The Problem of Context in Organizational Trust Research
The concept of interpersonal trust has been important in organizational trust research for at least a decade, but recently a growing literature is stressing the need to focus more on the institutional dimensions of trust-creation. The opposition between traditions stressing either interpersonal or institutional trust raises the more general question of how we may understand the role of context in interpersonal trust relations. The paper attempts to fill the gap in the organizational trust literature, between interpersonal and institutional trust research, by investigating the more general problem of the link between context and organizational trust processes. The notion of context is highly important for understanding trust processes in modern organizations, but remains largely absent in trust research. The present study proposes applying the sensemaking approach as a ‘bridging construct’ (Floyd et al., 2011) between institutions and interactions to explore how context may be relevant for trust processes. We argue that people must actively and consciously “make sense of context” as a basis for trust. The importance of understanding how actors make sense of context in order to understand organizational trust is illustrated by reference to two earlier reported case studies on trust in organizations.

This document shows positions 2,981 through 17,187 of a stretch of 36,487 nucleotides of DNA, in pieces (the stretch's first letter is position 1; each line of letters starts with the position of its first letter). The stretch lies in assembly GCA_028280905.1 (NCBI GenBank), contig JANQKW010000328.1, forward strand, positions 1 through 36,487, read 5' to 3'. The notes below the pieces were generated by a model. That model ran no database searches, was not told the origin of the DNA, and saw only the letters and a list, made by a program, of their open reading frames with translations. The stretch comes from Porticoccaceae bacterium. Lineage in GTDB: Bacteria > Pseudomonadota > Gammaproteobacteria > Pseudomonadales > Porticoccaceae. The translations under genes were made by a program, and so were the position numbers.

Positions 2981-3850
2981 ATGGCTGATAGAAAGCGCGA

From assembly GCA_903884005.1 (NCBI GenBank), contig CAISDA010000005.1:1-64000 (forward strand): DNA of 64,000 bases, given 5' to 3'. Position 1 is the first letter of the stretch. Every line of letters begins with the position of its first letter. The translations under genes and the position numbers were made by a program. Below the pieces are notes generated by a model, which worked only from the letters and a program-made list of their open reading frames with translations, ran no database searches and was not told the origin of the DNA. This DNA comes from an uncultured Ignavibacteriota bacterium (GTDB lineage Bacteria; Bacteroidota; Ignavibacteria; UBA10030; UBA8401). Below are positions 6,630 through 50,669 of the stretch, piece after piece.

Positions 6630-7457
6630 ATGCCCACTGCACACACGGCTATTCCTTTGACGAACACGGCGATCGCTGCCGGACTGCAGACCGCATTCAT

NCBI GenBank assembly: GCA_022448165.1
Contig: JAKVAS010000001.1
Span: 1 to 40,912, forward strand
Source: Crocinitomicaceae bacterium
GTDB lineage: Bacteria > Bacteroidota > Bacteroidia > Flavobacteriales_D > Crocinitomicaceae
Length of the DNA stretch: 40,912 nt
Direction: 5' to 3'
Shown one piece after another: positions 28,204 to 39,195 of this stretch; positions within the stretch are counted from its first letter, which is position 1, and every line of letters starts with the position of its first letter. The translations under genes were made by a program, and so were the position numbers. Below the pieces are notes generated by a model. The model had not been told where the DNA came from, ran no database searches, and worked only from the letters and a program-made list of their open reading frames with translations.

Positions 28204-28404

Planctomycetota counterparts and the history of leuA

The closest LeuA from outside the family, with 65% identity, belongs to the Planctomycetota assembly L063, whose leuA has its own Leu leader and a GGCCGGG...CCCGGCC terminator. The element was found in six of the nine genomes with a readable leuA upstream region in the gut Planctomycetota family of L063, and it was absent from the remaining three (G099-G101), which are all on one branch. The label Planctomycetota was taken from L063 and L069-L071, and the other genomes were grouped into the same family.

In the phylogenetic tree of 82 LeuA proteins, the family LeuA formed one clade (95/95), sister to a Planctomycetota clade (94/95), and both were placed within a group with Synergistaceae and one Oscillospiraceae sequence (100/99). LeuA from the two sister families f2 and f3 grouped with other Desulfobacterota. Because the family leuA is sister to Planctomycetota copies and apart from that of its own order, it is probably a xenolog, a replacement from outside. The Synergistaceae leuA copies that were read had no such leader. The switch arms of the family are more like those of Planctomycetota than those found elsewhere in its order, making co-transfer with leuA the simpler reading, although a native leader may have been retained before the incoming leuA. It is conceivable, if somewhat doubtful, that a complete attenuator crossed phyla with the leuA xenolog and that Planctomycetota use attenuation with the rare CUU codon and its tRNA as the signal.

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Second Seminar of Nordic Research Network on Trust within and between Organisations, 2011